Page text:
While there is something to be said for the discursive work of Lizzo’s Special in carving out a space body acceptance, there are of course limits to this work. Much of her content is indebted to both the mainstream “body positivity” and “self-care” movements—both of which are decidedly capitalist and individualistic.[8] Her lyrics and content don’t often speak to the material conditions of everyday fat individuals – rarely calling out, for example, size discrimination as systemic in the context of employment. Indeed, when critiqued about her body, she often replies with quips about being rich and successful.

While Lizzo occupies a fat Black body, she is also wealthy, cis, able-bodied, heterosexual (as far as we know), and very pretty/feminine presenting. However, her show WOFTBG did prominently feature dancers of all races, some of whom were both queer and trans. Perhaps with more diverse folks in the studio, in front of the camera, behind the camera, and pushing their pen via lyricism, we can begin to open up more spaces for all bodies to be safe, valued, respected, and Special (Cringe. I am sorry).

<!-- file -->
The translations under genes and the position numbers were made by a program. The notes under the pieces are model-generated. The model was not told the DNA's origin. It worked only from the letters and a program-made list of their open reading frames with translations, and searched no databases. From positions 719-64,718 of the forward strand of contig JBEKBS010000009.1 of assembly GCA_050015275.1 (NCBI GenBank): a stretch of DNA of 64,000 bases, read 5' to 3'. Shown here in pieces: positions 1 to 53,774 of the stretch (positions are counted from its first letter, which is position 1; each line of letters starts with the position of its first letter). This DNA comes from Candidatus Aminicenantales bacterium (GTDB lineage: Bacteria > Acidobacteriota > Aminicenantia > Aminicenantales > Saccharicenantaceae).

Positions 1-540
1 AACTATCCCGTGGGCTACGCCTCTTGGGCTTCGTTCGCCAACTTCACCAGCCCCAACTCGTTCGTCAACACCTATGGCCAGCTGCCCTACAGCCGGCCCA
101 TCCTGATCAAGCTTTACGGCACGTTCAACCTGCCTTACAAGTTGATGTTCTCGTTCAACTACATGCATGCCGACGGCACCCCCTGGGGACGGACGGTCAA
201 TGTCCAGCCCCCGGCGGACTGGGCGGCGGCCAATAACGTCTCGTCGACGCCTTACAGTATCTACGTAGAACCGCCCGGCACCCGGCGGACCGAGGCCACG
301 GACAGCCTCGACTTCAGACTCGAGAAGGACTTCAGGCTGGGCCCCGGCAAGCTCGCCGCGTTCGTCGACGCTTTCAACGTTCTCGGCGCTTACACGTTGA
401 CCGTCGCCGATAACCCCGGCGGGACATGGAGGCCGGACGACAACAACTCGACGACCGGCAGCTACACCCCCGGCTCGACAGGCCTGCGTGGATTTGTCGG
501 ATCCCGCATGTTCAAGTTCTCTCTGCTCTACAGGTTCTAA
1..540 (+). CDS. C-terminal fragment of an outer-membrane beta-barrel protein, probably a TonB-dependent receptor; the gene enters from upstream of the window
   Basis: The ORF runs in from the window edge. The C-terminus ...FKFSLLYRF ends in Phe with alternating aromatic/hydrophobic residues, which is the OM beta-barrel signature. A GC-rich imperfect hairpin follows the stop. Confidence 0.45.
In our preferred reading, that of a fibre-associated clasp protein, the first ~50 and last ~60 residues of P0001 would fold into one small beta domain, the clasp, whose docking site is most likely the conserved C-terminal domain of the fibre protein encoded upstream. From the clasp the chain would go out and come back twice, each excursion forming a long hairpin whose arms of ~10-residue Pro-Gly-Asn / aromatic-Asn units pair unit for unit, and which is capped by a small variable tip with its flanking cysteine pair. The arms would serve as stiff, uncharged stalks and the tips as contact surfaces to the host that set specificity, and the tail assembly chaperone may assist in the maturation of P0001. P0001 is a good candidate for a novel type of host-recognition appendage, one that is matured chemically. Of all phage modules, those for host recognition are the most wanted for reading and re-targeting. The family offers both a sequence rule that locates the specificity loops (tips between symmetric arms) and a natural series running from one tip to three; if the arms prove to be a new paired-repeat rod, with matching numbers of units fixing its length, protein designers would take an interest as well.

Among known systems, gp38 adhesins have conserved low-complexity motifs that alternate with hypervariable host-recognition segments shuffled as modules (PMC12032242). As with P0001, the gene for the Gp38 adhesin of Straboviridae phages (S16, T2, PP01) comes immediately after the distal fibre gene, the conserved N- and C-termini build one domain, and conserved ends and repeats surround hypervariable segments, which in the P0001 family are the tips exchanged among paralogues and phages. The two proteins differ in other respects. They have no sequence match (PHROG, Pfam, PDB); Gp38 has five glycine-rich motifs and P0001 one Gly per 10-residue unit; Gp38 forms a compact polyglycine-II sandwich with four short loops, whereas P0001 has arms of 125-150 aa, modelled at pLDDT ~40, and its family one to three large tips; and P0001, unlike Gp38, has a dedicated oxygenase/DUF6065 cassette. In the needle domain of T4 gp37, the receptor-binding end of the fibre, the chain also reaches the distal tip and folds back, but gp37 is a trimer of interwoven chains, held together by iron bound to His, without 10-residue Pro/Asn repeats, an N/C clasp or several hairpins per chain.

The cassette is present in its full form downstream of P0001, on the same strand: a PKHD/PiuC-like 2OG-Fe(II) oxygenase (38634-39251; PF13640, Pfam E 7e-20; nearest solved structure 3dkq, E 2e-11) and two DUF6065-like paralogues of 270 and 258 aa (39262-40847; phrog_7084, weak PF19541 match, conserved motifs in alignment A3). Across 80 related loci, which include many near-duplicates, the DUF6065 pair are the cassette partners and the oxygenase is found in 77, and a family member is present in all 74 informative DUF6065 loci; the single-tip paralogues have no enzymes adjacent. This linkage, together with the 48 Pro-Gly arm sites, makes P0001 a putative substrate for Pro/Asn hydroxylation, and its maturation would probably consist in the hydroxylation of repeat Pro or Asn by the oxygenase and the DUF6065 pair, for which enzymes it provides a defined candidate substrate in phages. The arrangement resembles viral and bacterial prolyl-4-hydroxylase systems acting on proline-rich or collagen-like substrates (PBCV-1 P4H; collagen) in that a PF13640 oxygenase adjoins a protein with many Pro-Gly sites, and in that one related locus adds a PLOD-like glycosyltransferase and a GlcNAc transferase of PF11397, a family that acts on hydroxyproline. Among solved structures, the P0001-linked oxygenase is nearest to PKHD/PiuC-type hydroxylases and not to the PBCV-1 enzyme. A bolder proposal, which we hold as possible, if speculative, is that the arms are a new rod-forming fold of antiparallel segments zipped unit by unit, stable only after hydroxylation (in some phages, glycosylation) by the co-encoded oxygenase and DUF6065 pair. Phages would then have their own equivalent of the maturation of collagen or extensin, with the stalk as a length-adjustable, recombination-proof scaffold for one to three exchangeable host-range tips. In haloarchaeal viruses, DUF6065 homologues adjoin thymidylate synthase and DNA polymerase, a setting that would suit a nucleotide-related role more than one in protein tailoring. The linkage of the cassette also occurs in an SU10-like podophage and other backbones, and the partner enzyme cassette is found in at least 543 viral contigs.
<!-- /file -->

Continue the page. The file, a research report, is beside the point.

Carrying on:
[1] Throughout this piece, I am using the term “fat” as a descriptive, politicized term to describe larger bodies. I am following in the tradition of those such as Susan Orbach’s Fat is a Feminist Issue (Random House, 2016) and Andrea Elizabeth Shaw’s The Embodiment of Disobedience: Fat Black Women's Unruly Political Bodies (Lexington, 2006)


[2] Kristen J. Warner, “In the Time of Plastic Representation.” Film Quarterly 71, no. 2 (2017): 32–37.


[3] Strings, Sabrina, Fearing the Black Body: the Racial Origins of Fat Phobia (New York University Press, 2019)


[4] Tracey L. Walters, Not Your Mother’s Mammy: The Black Domestic Worker in Transatlantic Women’s Media (Rutgers University Press, 2021)


[5] N. Gordon-Chipembere, Representation and Black Womanhood: The Legacy of Sarah Baartman. (Palgrave Macmillan US, 2011),


[6] Elizabeth Alexander, The Black Interior: Essays, (Graywolf Press, 2004, 4-5).


[7] Joan Morgan, “Why We Get off: Moving towards a Black Feminist Politics of Pleasure,” Black

Scholar 45, no. 4 (2015): 36–46.


[8] Rosalind Gill and Ana Sofia Elias. “‘Awaken Your Incredible’: Love Your Body Discourses

and Postfeminist Contradictions.” International Journal of Media & Cultural Politics 10, no. 2

(June 2014): 179–88.